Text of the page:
June 2006 Volume 28 Number 1
Taking a break from its work on the war in Iraq, immigration, global warming and other life-threatening issues, Congress responded decisively to the exposure of Janet Jackson’s bare breast during the halftime show of the 2004 Super Bowl. It amended the Federal Communications Act.
In order to give the Federal Communications Commission the tools it needs to protect American television viewers from images less distinct and sexy than those they see at the supermarket checkout stand, Congress increased the penalties for “indecent” broadcasts to $325,000 per violation up to a maximum of $3 million “for any single act.” Congress did so by passing the Broadcast Decency Enforcement Act of 2005 – a brief bill that simply substitutes greater penalty amounts in place of the previous maximum.
Penalties are determined and assessed by the FCC. Until the Broadcast Decency Enforcement Act was passed and signed by the President, the most the FCC was empowered to assess for indecent broadcasts was $32,500 per violation. In the aggregate, those penalties could add up, especially for networks whose broadcasts are carried by hundreds of stations. For example, in a matter involving the television series “Without a Trace,” the FCC assessed a total “forfeiture” (the FCC’s euphemism for “fine”) of $3.6 million – $32,500 for each of the more than 100 stations that aired an offending episode (ELR 27:10:3).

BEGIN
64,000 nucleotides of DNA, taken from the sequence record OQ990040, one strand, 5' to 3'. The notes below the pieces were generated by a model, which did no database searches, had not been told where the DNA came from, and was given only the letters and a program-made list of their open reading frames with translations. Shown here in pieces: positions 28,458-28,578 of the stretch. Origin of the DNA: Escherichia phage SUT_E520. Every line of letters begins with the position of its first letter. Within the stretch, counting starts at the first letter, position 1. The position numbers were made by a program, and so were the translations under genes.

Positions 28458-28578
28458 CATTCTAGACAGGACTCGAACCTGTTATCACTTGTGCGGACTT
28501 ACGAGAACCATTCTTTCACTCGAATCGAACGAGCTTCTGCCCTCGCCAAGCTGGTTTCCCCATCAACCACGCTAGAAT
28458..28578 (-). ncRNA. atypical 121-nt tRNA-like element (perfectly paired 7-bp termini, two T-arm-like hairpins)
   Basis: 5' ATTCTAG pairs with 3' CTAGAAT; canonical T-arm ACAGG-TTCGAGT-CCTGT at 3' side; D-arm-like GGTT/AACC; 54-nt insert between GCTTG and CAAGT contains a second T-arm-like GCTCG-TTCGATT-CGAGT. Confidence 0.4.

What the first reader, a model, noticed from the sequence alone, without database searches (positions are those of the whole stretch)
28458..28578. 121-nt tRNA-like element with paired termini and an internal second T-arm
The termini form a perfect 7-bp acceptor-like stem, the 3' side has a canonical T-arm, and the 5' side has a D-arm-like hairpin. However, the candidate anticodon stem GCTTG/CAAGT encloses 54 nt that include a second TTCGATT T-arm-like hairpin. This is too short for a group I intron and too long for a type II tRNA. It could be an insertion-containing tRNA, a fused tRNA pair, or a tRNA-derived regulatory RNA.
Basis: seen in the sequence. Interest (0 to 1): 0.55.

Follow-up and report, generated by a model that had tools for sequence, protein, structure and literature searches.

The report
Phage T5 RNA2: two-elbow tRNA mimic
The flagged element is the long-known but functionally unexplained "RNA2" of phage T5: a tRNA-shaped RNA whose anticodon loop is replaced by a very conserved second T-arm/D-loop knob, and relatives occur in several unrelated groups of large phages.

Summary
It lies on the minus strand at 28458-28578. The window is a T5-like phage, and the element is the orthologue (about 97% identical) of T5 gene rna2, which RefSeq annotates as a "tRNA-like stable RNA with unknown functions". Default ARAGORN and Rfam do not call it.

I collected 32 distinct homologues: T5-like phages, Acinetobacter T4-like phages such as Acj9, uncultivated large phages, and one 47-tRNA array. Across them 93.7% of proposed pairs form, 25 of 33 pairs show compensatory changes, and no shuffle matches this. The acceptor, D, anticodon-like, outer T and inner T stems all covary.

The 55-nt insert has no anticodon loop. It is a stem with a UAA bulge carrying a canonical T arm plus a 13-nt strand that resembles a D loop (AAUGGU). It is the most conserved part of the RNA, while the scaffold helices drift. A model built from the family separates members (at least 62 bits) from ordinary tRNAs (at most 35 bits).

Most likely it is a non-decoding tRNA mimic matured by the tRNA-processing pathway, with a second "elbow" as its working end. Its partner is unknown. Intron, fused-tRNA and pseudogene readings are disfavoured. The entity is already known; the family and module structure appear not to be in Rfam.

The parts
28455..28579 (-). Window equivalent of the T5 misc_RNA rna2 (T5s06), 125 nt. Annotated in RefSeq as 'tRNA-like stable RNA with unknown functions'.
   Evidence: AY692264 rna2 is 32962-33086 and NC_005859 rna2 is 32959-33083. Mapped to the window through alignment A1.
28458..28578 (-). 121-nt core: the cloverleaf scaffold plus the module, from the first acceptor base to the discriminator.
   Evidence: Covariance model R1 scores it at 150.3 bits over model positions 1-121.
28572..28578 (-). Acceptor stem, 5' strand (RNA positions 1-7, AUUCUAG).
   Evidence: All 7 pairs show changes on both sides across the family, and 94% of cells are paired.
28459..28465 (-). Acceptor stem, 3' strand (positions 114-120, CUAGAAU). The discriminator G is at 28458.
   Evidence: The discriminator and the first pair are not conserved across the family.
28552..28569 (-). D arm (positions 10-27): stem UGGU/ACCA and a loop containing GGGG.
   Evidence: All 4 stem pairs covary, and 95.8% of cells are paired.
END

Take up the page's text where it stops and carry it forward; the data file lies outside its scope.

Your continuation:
But under pressure from organizations like the Parents Television Council, Congress upped the ante by empowering the FCC to assess ruinous fines against broadcasters whose programming doesn’t suit the tastes of any active and vocal group.
Broadcast Decency Enforcement Act of 2005, P.L. 109-235 (2006), available at http://thomas.loc.gov